Nature Friday ~ July 5, 2019

Although we missed the past couple of weeks, we’re back today joining our fur-iends, Rosy and her brothers from the LLB Gang for this week’s edition Nature Friday. Mother Nature opened up a can of whoop-ass on the Mile High yesterday with multiple thunderstorm cells storming through with hail but not before two of nature’s most beautiful urban trees bloomed. These two trees are stalwart sentinels around the city: the Catalpa (Catalpa speciosa) and the Little-Leaf Linden (Tilia cordata).

The Catalpa is a large ornamental shade tree that produces dense clusters of white flowers and long seed pods. While I lament the long pods after they drop throughout the garden like pick-up sticks, the flowers are incredibly beautiful and very fragrant. After yesterday’s intense weather, many of the flowers were shed and rather look like popcorn on the ground. The heart-shaped leaves are huge, ranging from 6-8″wide and 6-10″ long. Growing up to 70 ft. tall, this long-lived tree (50-150 years) provides a wide spread 20-40′ and thrive in Denver’s dry climate, requiring little water once established.

Catalpa tree

The flowers resemble orchids. Here’s a closeup of the flowers and leaves.

Catalpa

The Little-Leaf Linden is a medium-large shade tree with a symmetrical shape that is easy to maintain and requires little or no pruning. In North America, Lindens may be known as ‘basswood.’ In early summer clusters of highly fragrant yellow flowers fill the air with a divine perfume that attracts bees. Following blooming, dangling flat clusters of nutlets replace the flowers. Lindens are another long-lived tree and also produce heart-shaped asymmetrical leaves with pointed tips and serrated edges, though they are significantly smaller than Catalpas.  They provide great shade in the intense Colorado sun.

Trees

Here’s a close-up of the flowers, nutlets and leaves. I wish there was some way to share that incredible fragrance. I often stand below these trees and inhale deeply for several moments. Elsa thinks I’m looking for squirrels and goes on alert but I’m just reveling in that divine scent.

Trees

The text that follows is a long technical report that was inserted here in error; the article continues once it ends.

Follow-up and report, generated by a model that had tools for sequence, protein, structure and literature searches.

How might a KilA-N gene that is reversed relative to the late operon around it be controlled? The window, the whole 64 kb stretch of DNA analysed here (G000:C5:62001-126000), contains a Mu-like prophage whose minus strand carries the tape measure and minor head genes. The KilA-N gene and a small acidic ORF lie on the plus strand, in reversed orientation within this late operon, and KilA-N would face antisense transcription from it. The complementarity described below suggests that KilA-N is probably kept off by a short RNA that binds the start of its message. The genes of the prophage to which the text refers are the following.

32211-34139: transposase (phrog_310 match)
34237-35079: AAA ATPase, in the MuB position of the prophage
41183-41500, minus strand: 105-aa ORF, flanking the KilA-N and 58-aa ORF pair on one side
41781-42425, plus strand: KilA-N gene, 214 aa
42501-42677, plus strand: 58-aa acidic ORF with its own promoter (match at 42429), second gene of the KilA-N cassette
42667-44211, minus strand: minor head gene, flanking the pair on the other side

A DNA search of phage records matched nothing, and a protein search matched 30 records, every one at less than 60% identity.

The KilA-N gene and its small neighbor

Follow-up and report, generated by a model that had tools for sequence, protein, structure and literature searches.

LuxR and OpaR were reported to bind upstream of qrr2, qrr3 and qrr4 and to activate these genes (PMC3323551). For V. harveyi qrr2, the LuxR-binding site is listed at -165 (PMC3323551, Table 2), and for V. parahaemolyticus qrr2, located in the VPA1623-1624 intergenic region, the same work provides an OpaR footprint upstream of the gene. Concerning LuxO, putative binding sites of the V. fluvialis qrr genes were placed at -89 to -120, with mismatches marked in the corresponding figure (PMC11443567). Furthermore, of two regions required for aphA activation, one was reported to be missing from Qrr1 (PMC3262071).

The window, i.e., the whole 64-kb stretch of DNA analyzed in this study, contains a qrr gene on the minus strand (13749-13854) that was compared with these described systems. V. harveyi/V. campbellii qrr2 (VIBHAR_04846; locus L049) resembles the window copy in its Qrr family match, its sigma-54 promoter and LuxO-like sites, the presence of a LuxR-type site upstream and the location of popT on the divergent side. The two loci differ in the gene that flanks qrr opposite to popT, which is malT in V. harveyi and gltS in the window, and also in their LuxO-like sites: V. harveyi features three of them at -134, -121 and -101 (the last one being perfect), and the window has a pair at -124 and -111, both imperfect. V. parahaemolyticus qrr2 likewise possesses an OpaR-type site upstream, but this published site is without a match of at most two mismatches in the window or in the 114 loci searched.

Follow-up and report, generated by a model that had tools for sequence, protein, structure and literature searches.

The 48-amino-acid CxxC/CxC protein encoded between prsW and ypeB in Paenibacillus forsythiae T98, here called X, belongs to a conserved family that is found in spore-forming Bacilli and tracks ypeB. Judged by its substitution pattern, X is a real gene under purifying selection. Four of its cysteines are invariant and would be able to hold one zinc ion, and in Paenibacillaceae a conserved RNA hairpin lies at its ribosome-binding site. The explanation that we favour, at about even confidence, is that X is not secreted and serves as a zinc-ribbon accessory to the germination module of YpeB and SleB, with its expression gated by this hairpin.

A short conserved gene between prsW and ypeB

We hope you and yours survived the Fourth (it sounded like a complete war zone for hours in my neighborhood-the worse ever in the 17+ years I’ve lived here) and I hope there are no more terror filled nights again. I ‘may have confronted a few neighbors and called the police‘ and with lack of sleep for the second night in a row, am in no mood for any more encounters. Before last night I was known as the nice lady with the two standard poodles who always carries dog treats in her pockets but now probably have a less flattering moniker after last night’s insanity. People seem to think they are entitled to disregard municipal ordinances because they are ‘being patriotic.’ If you want to be patriotic, how ’bout you vote and not think the rules don’t apply to you (maybe this is that ‘scrappy’ thing I referred to yesterday). Respecting veterans fragility, along with victims of active/mass shooting scenarios not to mention terrified pets seems like a better way, but what do I know. I’m just that {&#@%-ing} lady who tried to comfort her terrified, shaking, panting dog who never hurt a flea and wondered why his world turned into an absolute living hell for several hours.

Nature Friday

Live, love, bark! 🐾

What’s Going On Thursday?

Oh May…you’re turning out to be a real stinker. What started out with loads of promise has turned into a real cluster. With migraines, seizures, and hail storms this week (my garden and I say thank you very little Mother Nature), I had to wonder out loud when I recently heard the classic Marvin Gaye song from the 1970’s. Little things have started to add up to give current times a flavor much like what was going on back when Marvin was ‘sultrifying’ the airwaves. Though different issues, there still is this pervasive question at the back of my mind: What’s Going On here? 

This little guy seems to be asking the same question as I have this week…what is going on? Elsa and I are on the mend (with special thanks all for the kind well wishes and POTP). With temperatures rising into the 90’s for the next few days, we plant to hunker down and ride the waves through life’s up’s and down’s. It’s all a person or pup can do, right? How are things on your end?

Live, love, bark! 🐾

 

After the Storm

Mother Nature seems schizophrenic these days. We had a ‘little’ storm Tuesday night. No doubt the roof will probably need to be replaced and there certainly is a lot of clean-up of salad greens shredded leaves and flowers. While it could have been much worse (did you see the news showing houses floating by…on fire…in a flood as was the case earlier this week in West Virginia and my heart goes out to those folks). Still, it was gut wrenching after seeing the spectacular show of color and beauty by sweet Mother Nature just a couple of weeks ago. Remember this?finalWell, nasty Mother Nature must be pretty ticked-off because it all looks like this now.

IMG_3511 2Everywhere you look, all that’s left are shredded leaves and sticks with seed pods. 🙁 Don’t know whether the lupine will reseed with damaged seed pods at this point.

We experienced some severe flash flooding and at one point the street looked like a fast-moving river which was followed by a power outage once the storm was over. At one point I could have sworn I saw pairs of pets walking two-by-two toward Noah’s ark. A neighborhood hedge was struck by lightning so the fire department was called to put it out. It was a crazy couple of hours. While I’ve lived through any number of hailstorms over the years in the Mile High City, I have been fortunate not to have suffered damage like this one which lasted longer in duration than most its previous ‘cousins.’ Summer hailstorms are routine here in the 303 and coupled with temps in the 90s that really set the stage for all of the unsettled air mixed with a lot of moisture to create the perfect storm.